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25 January 2016 Reading Borough Council criticised after death of pensioner with Legionnaires'

posted 27 Jan 2016, 00:54 by Ian Clarenbone

Reading Borough Council has been criticised for its 'systematic and continued failings' which led to it being fined £100,000 following the death of a pensioner in 2012.

Lewis Payne, died on November 1, 2012, after contracting Legionnaires' pneumonia while staying in The Willows care home in Hexham Road, Whitley.

At an inquest in May 2013 into the 95-year-old's death, flaws were identified in specific Legionnaires' training for staff, record keeping and auditing at the home.

The council admitted breaching Section 3(1) of the Health and Safety at Work Act 1974 and was fined at Reading Crown Court on Thursday, January 21. It received a fine of £100,000 and £20,000 in costs.

The Health and Safety Executive (HSE) brought the case to court and was severely critical of the council for its failings in not managing the risks at the care home.

HSE inspector Kelly Nichols said: "Mr Payne’s family has lost a loving father, grandfather, great grandfather and just before his death he had become a great, great grandfather. His family expected him to return home from the hospital to resume his normal active life, he never did. Reading Borough Council could and should have controlled the risk of exposure to legionella to the elderly and infirm as well as those receiving immediate care prior to returning home. RBC’s failings were systemic and continued over a period of time. There was a history of legionella problems at the home. The control and management arrangements were not robust and the legionella training of key personnel fell significantly below the required standard. The risks from legionella in nursing and care homes and the required control measures to manage those risks have been known and publicised in HSE publications since May 2000. It is really disappointing to find a local authority not managing those risks. It is important for all care providers to ensure they are managing the risks from hot and cold water systems with respect to both legionella and scalding risks especially due to likely exposure of more vulnerable people.”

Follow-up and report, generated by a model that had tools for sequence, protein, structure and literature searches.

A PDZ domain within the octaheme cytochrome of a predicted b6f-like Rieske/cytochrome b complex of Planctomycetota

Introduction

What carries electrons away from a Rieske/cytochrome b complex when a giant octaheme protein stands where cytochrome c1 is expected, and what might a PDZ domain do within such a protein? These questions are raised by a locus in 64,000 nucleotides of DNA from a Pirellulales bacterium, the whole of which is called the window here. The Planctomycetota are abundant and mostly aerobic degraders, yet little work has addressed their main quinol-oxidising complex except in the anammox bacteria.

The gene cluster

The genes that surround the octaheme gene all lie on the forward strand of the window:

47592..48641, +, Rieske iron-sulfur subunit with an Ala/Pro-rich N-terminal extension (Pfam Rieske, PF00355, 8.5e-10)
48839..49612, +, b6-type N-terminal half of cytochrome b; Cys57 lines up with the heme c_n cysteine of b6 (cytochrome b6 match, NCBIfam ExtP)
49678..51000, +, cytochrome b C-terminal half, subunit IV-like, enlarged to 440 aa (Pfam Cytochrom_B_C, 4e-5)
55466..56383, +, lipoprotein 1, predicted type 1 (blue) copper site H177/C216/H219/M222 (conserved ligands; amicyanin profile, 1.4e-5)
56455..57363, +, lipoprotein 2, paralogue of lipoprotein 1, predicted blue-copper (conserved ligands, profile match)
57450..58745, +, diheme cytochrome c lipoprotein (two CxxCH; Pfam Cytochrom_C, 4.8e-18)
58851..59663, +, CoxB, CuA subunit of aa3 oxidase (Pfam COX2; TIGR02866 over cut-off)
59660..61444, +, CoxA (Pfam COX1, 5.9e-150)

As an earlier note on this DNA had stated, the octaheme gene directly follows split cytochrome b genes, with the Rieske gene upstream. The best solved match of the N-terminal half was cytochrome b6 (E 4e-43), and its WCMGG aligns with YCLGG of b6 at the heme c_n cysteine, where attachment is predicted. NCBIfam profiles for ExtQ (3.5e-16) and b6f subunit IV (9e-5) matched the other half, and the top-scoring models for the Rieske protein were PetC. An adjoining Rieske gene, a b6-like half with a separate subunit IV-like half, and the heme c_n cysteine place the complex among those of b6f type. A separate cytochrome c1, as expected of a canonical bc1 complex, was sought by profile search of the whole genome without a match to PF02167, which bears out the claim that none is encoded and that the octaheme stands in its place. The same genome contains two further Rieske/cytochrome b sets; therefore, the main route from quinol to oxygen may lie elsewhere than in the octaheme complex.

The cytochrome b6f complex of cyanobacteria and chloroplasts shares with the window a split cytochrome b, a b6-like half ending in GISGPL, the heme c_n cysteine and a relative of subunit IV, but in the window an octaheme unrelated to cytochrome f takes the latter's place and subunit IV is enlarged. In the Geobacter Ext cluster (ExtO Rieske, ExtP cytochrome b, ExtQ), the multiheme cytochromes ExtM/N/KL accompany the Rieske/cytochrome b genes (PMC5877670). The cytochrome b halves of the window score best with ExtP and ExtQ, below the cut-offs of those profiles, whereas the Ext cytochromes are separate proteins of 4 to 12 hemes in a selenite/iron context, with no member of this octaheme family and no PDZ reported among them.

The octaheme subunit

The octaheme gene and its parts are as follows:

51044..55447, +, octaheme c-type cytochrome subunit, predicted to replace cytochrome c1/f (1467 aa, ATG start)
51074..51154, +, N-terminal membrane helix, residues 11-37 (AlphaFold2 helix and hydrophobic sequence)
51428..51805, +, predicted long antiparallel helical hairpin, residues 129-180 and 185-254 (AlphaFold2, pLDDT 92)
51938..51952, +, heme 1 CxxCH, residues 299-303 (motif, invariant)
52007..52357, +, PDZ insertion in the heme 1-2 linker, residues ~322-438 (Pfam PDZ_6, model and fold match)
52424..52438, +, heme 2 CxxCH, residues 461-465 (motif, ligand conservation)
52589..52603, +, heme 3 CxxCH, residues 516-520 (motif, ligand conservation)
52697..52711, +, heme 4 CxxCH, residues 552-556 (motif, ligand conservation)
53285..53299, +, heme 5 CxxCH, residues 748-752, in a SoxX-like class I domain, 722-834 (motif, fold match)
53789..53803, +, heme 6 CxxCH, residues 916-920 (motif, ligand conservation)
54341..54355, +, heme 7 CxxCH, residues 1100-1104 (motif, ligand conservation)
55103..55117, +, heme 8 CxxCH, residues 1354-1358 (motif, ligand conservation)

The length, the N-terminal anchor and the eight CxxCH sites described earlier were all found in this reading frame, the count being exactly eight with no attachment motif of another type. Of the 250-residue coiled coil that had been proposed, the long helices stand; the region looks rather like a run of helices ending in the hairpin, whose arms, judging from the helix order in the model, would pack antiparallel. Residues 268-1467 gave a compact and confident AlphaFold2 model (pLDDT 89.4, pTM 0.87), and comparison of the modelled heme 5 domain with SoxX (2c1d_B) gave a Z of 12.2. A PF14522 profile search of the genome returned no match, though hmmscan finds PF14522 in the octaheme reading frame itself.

Lessons have been learnt

Spokeswoman for Reading Borough Council Victoria Buckett said: "Following Thursday’s court hearing, the council would like to apologise and to again express our sincere condolences to the family of Mr Payne. While an inquest into Mr Payne’s death found there is no way of knowing for sure where and when he was exposed to legionella, the council acknowledges it was likely to have been during his short stay at The Willows. We fully accept the council’s failing to have adequate control measures in place at the time and this was reflected in our plea. The council’s own investigations found the correct safety systems were in place at the time to control legionella. Insufficient staff training however resulted in the necessary checks not being carried out or recorded properly. The council responded quickly at the time. Extensive checks of water systems at The Willows were verified by a leading legionella expert to ensure the immediate safety of all residents. Additional training was provided to all relevant staff at the care home.

A full-time legionella specialist now ensures all checks are regularly carried out, all data is correctly recorded, all records are kept up to date and are consistent and accurate, and that staff across all council buildings are properly trained."